Aaron: Well, turns out, all those language arts words they make you learn in school aren’t a waste of time. The book is written in first person point of view, which means that the main character talks directly to the read about themselves and their story. When I started writing, this is just how things came out. Joey had lots of running comments or sarcastic little opinions he wanted to throw into the mix, so I wanted to give him the chance to talk directly to the reader without the other characters hearing it or being part of it. In a graphic novel, the best way to do that is in caption boxes, which are those little squares that he talks to you in. These are different from speech balloons, which is the stuff he says to other characters.

Ana: Will there be more Joey Fly books?

Aaron: Definitely! The second book is done and Neil is already finishing the art for it. I’ve seen his sketches and they are AMAZING! It’s better than the first book. And I’m currently working on the third book and have cool ideas about a fourth. So, we’ll keep going as long as the publisher lets us and the ideas keep coming. That is, if Neil is okay with that…

Neil: Of course I’m ok with it! The second Joey Fly is the most fun I’ve ever had on a project! I can’t wait to read the third, the fourth, the fifth, the sixth, and the seventh!

Ana: Which other books, especially graphic novels, would you recommend to kids who like this book?

Aaron: I really a huge fan of graphic novels for kids…there’s a new one out called The Amulet by Kazi Kibuishi that I LOVE! The second one just came out. I also love the Artemis Fowl graphic novel…definitely worth checking out if you haven’t seen it. Also Rapunzel’s Revenge by Shannon Hale is AWESOME! I’m also a huge fan of an old European comic called Asterix. I used to buy them as a kid at flea markets and they are still SO FUNNY.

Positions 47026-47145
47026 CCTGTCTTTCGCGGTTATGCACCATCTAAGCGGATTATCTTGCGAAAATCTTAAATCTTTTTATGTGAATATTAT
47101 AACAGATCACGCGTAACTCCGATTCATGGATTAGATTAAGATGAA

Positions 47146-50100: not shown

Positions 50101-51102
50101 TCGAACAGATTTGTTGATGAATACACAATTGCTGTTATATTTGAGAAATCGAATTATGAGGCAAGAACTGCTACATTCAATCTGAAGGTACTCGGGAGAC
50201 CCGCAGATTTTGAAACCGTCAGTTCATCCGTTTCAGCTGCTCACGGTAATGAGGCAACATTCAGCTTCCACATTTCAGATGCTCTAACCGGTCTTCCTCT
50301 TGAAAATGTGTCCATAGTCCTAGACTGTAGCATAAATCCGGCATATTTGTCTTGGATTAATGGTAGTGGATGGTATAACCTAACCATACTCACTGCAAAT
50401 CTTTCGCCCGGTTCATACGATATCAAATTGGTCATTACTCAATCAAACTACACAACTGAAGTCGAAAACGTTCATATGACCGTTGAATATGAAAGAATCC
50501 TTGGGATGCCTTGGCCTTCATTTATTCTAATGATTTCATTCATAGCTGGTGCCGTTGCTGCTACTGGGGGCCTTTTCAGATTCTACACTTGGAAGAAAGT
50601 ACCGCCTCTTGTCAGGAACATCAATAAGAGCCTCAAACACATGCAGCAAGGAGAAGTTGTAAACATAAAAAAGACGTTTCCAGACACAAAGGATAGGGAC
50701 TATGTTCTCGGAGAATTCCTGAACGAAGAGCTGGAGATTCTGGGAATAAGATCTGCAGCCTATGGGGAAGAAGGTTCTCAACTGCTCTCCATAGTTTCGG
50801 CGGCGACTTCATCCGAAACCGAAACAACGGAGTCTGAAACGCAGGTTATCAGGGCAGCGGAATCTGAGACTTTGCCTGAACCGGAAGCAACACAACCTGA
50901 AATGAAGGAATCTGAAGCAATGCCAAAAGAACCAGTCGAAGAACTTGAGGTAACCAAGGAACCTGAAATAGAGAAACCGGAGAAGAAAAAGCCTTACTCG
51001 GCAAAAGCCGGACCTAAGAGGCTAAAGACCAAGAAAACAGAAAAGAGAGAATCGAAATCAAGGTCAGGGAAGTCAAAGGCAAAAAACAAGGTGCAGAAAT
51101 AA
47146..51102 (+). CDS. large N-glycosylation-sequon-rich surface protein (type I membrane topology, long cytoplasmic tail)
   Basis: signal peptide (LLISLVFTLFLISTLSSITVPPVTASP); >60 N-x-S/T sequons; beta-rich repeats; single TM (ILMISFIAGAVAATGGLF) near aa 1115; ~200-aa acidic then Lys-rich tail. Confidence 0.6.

Neil: Old Mickey Mouse comics have great mystery and suspense, Tintin by Herge, Super Mario Adventures by Kentaro Takekuma and Charlie Nozawa, and if you like the wordplay in Joey Fly, check out The Phantom Tollbooth by Norton Juster!

They have made several other stops on this tour. You may want to visit to learn as much as you can about this book and this great team. A few of their stops have included:

November 2--Writing For Kids (While Raising Them)

November 2--Book Nut

November 6--Abby the Librarian

Our 5th grade Graphic Novel Club in the library is well underway and a few of the kids have already read this title. I am thinking I might offer this as a book club title to 3rd and 4th graders this winter. It is a great new book with so many fun things to discuss. I think it is worth buying several copies.

More good news: You can follow Joey Fly on Twitter!


  1. Look at Ana! Blogger of the future!

  2. Great interview Ana!! I read this interview with Joey and he too thought it was great. He was thinking about all the smart questions you asked and got him excited for the next book! Thanks!!